What is "acting like an owner"?

In almost every job I've had -- from Staples in high school to WorkHabit now -- someone's told me to "act like an owner." It's this big push about building company culture and getting employees to do more than clock in at 8 and clock out at 5, there are at least a few books written on it. I'm not exactly sure where I stand on this concept, but I'm leaning toward "it's total BS." First, I don't have access to the company's books or cashflow, so any financial decisions are right out the window. I don't have access to client projects that aren't mine, so decisions about those are out. I don't have any legal authority, so contracts are out.

So think about it: with financials, contracts, and 90% of projects completely unavailable, what does "act like an owner" even mean?

At Staples, it meant do things thoroughly. Pick up trash when you see it. Replace price tags when they're gone. Stock shelves when they're empty, and above all, make the customer happy. In engineering, I think it means taking responsibility for your part of the project and doing your best to help others stay on track. Call out blockers quickly, write amazing code, and keep the business purpose in mind when you're in the weeds. Work extra hours when you need to. Take spare time and help build processes that help your business succeed.

These things, however, are not "acting like an owner." I can't think of any time the CEO of Staples picked up trash on the salesfloor or personally helped a random customer. This isn't criticism; this is just reality. In reality, a business requires many different roles working together to steer the ship in the right direction. Captain Picard never got on Geordi's case for not "acting like a captain." Geordi acted like an engineer -- granted, the best engineer in the history of the fleet (except for Scotty). Geordi's directive was to be the best engineer and officer that he could be, because his job facilitates everyone else's.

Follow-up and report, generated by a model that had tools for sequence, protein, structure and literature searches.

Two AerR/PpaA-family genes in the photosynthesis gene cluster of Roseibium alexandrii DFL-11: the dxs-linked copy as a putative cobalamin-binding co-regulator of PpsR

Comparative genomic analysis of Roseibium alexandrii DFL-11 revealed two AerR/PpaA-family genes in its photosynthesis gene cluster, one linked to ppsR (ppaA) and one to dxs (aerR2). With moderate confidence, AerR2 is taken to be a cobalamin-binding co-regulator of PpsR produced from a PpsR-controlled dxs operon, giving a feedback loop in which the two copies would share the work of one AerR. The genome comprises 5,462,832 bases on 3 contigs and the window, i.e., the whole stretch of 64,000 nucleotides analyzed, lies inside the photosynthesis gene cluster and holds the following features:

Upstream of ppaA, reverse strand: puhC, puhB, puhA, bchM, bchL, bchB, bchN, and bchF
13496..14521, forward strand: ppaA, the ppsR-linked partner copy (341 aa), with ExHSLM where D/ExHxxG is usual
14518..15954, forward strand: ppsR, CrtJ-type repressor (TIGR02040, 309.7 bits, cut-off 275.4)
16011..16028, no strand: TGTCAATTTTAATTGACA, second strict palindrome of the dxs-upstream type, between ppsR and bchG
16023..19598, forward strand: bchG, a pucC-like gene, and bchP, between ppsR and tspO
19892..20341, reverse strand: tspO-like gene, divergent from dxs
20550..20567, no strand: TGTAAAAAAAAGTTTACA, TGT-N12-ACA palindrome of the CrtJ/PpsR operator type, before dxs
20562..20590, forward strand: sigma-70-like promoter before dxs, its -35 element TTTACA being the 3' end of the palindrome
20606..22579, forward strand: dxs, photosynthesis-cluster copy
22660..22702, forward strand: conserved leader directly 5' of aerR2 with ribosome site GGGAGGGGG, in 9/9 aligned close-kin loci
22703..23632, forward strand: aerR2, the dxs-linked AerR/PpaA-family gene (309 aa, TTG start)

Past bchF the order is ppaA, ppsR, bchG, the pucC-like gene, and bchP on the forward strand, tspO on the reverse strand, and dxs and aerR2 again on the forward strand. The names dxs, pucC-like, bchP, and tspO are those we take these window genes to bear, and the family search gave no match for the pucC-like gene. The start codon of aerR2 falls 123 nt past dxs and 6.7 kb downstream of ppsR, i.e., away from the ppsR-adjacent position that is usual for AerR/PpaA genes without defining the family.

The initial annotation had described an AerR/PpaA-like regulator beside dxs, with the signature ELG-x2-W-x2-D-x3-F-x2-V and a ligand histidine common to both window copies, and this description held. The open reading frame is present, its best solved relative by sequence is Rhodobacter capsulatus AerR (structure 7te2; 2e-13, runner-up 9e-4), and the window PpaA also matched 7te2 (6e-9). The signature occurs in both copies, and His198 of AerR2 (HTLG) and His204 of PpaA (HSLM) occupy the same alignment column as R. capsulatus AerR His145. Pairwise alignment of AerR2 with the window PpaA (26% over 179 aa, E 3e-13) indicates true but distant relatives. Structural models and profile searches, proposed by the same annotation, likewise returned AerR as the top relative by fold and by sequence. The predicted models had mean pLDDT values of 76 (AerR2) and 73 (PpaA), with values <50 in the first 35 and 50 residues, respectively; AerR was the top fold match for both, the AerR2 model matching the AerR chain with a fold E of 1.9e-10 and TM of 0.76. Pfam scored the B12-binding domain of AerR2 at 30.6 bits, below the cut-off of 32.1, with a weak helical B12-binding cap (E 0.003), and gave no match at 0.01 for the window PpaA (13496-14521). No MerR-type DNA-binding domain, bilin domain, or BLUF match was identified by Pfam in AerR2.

In the same way, I think salespeople should be the best salespeople they can, engineers should be the best engineers they can, project manager should manage the crap out of projects -- all with the understanding that we all are driving the same ship together. It's like we're all parts of the same body, and the body can't function without all its parts working in harmony. Just because one part is less visible (an eye versus a liver, for example) doesn't mean one is less important than the other. A store can't operate without stockers, an engineering shop can't run without salespeople, and so forth.

I think the real lesson is that everyone is important in their own way, and every role has to facilitate everyone else's. Since we're all supporting each other, everyone needs to pull their own weight or ideally overdeliver. When the ship sails smoothly, everyone benefits.

So don't worry about "acting like an owner." Worry about doing your job in the best, most efficient, most game-changing way you can. Help your coworkers, because they depend on you (and you depend on them). Be responsible for your work and take on responsibilities that help your ship run as smoothly as it can.